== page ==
I get SO annoyed when she just can’t do her lessons. It just kills me to see her screw around and miss questions when I KNOW she knows the material.

And maybe that’s the issue. I feel like she needs to go through what I’ve (we’ve) picked out for this year and I’m hesitant to push her ahead another year, but I’m also wondering if she isn’t just ridiculously bored because she either knows the material already or is picking it up so quickly that she needs to be challenged more.

When I sit and enter her math in for her (she’s usually dancing around the kitchen), she gets 95% of the questions correct. When I make her do it herself, that drops to 80% or even lower.

PART OF THE REASON I CHOSE THE MATH THAT I DID WAS SO I DIDN’T HAVE TO SIT WITH HER TO DO IT! Trying to work on a computer with a 7 month old is a fruitless endeavor.

I’d do it during Zoe & Kira’s nap, but Paige still needs that time to lay down and quite frankly, I need that break from the kids.

How do you judge what level your child needs to be in?

How do you know when it’s time to just give up on your plans?

What would you do in this situation?

Honestly, as frustrated as I can get, I’m happy I can homeschool her because I can only imagine the amount of trouble she would be in on a daily basis. Her school is never done while sitting, she’s either standing or laying down and CONSTANTLY moving. And we have a saying in our house “in goes air, out goes noise”. Paige has to be constantly talking or singing.

I’ve read threads about what others do, I’ve tried different approaches…I just don’t know where to go from here.

I also want to respect wishes about how my husband wants her to be schooled (which means no unschooling or montessori methods).

I know it will get easier as the younger ones get older and can entertain themselves (well, when Zoe gets older. Kira is surprisingly independent and will join us and do some of her books or read and play by herself all day), but I don’t want Paige to suffer in the meantime.

I want school to be fun, I want her to WANT to learn. I wish I knew what I needed to do to accomplish this.

Why homeschool?

That’s a question we get often. Usually followed by “I could NEVER do that” or “I just LOVE my time alone when the kids are at school!”.

You know what? I daydream of having time to myself and a house that stays clean for more than 2 minutes. I lose my temper more than I should and in no way, can claim to know everything I need to teach my kids.

But I still feel like it’s the best.

Paige (6) is the only one who is currently being homeschooled. (Kira is 3 & Zoe is 6 months, so they have a while) She has NO attention span or impulse control. It’s to the point where I’m debating seeking at actual ADD/ADHD diagnosis just so I can talk to someone about how to help her. If she were to go to school, it’s almost certain that they would want her to go on medicine (which we are against until it becomes an absolute necessity). Or she would be like my brother and labeled a trouble-maker. Like him, she’s a good kid who just has difficulties at time.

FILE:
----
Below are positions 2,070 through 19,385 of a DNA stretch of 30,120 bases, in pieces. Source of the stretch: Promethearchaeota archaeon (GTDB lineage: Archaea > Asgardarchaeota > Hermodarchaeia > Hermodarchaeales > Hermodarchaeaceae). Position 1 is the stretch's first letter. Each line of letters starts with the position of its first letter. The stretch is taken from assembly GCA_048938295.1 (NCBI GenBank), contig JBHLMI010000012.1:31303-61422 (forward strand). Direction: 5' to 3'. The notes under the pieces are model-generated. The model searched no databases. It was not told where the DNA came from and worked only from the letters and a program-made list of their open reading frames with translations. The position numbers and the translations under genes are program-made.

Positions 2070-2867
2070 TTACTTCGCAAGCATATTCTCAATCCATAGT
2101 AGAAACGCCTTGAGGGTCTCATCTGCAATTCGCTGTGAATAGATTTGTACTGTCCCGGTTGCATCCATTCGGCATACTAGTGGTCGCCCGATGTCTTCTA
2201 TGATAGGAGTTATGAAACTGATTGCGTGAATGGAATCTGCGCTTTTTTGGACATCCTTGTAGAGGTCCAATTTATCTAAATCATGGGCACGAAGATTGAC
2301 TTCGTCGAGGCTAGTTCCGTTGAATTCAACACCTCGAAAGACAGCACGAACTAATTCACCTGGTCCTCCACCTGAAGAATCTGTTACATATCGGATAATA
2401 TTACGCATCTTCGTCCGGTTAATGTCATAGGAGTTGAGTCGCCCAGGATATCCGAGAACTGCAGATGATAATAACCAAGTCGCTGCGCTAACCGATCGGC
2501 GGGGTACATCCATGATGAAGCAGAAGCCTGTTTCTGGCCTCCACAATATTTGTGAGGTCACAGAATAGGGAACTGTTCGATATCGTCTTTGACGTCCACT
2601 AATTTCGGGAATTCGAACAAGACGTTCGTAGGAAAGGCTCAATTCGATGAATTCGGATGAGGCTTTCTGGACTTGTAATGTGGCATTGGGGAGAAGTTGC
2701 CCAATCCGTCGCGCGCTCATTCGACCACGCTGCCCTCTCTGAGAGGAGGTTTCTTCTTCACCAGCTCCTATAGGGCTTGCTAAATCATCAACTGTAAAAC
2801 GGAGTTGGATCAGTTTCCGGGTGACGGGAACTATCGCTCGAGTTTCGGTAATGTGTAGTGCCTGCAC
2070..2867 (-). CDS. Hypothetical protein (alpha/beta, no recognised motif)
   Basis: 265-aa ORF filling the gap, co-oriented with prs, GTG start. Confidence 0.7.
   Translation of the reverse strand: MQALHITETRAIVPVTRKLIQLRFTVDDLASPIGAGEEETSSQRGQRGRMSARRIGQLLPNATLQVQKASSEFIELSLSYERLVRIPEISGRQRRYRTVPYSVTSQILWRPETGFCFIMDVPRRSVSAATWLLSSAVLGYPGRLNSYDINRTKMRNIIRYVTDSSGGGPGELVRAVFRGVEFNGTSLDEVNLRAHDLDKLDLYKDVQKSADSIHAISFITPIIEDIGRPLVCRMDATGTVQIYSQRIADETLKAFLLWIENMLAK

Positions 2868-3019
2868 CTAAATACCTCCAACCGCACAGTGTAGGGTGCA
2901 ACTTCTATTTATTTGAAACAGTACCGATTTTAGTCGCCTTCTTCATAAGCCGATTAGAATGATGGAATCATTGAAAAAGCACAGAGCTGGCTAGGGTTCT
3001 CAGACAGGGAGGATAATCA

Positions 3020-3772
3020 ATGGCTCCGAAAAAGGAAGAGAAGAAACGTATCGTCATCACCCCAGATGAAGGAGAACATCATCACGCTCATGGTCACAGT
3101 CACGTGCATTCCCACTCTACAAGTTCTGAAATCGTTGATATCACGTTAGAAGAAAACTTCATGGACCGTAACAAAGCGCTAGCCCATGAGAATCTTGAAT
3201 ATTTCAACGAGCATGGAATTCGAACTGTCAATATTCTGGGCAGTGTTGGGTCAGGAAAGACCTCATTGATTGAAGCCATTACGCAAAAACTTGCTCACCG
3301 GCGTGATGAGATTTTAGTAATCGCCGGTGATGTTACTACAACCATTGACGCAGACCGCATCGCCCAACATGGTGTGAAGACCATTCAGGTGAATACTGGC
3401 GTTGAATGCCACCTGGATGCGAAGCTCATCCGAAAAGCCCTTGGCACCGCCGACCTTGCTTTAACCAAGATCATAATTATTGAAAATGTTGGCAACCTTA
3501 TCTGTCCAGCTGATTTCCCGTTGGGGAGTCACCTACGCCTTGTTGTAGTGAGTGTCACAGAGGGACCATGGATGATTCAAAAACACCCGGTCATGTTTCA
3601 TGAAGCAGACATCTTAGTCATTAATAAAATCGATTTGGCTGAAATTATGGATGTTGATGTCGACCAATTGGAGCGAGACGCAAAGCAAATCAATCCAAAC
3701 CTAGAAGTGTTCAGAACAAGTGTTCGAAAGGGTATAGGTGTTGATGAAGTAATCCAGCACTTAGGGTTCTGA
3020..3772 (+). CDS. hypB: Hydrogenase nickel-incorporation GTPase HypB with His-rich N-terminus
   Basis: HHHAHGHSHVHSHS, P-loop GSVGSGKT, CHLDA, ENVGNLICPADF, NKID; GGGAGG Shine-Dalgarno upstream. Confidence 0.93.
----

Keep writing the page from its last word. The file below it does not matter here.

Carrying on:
Then there’s common core. Ugh, don’t get me started. NCLB, common core, WHATEVER they want to call it is horrible (and yes, I know those are two separate programs, however, they both stink). The federal government needs to stay out of the school systems and let the teachers teach. Sure, there are horrible teachers who don’t deserve a job, but do we need to move in such a direction that the teachers are merely facilitators? What happens to the “good” teachers then? I had some fantastic teachers growing up and there is no way their teaching style would work with the new “guidelines”.

Now, I would very likely drive the girls to school, if they were to go. But the behaviors and attitudes I’ve seen? Yeah, I don’t want my girls around that all day. Believe me, it’s bad enough with them just being together.

Academically, Paige is extremely advanced. Part of why I’d like to get her a diagnosis is to see if she qualifies as gifted. She’s 6 and registered with the state as being in kindergarten. However, she’s in 2nd grade curriculum for Language Arts and History and 3rd grade for Math (other subjects aren’t by grade). She’s been reading chapter books for a good 6 months. And I honestly feel like her two 2nd grade curriculum classes are too easy. Child would be bored out of her mind if we were to put her in a school setting where she had to do what the class was doing. I understand that I could fight to get her into a gifted program or attempt to make sure her teach challenged her, but why deal with that when I can keep her home and tailor her school to her?

The last thing I’ll hit on (because Zoe is melting down and Paige is singing while she does school, which means the level of chaos going on is HIGH), is that our school day is typically over at 12, no later than 1 (unless Paige is really pushing the envelope on how much she wants to test me for the day). They have all afternoon and evening to play, instead of a couple 15 minute recesses and coming home to more homework.

So why do we homeschool? Because at this point, it’s what is best for our children. Because I truly believe that the school systems aren’t doing what they are supposed to for our children.

(Disclaimer – I don’t fault you for sending your children to school. Nor do I believe that everyone can or should homeschool. These are just our personal opinions.)

Kira Emmalin

I didn’t post about this on her actual birthday, but my baby turned 1. It’s been a ROUGH year (yay post partum depression and colic! Great combination!), but we made it! One of my two best creations. 🙂 Happy (belated) birthday baby!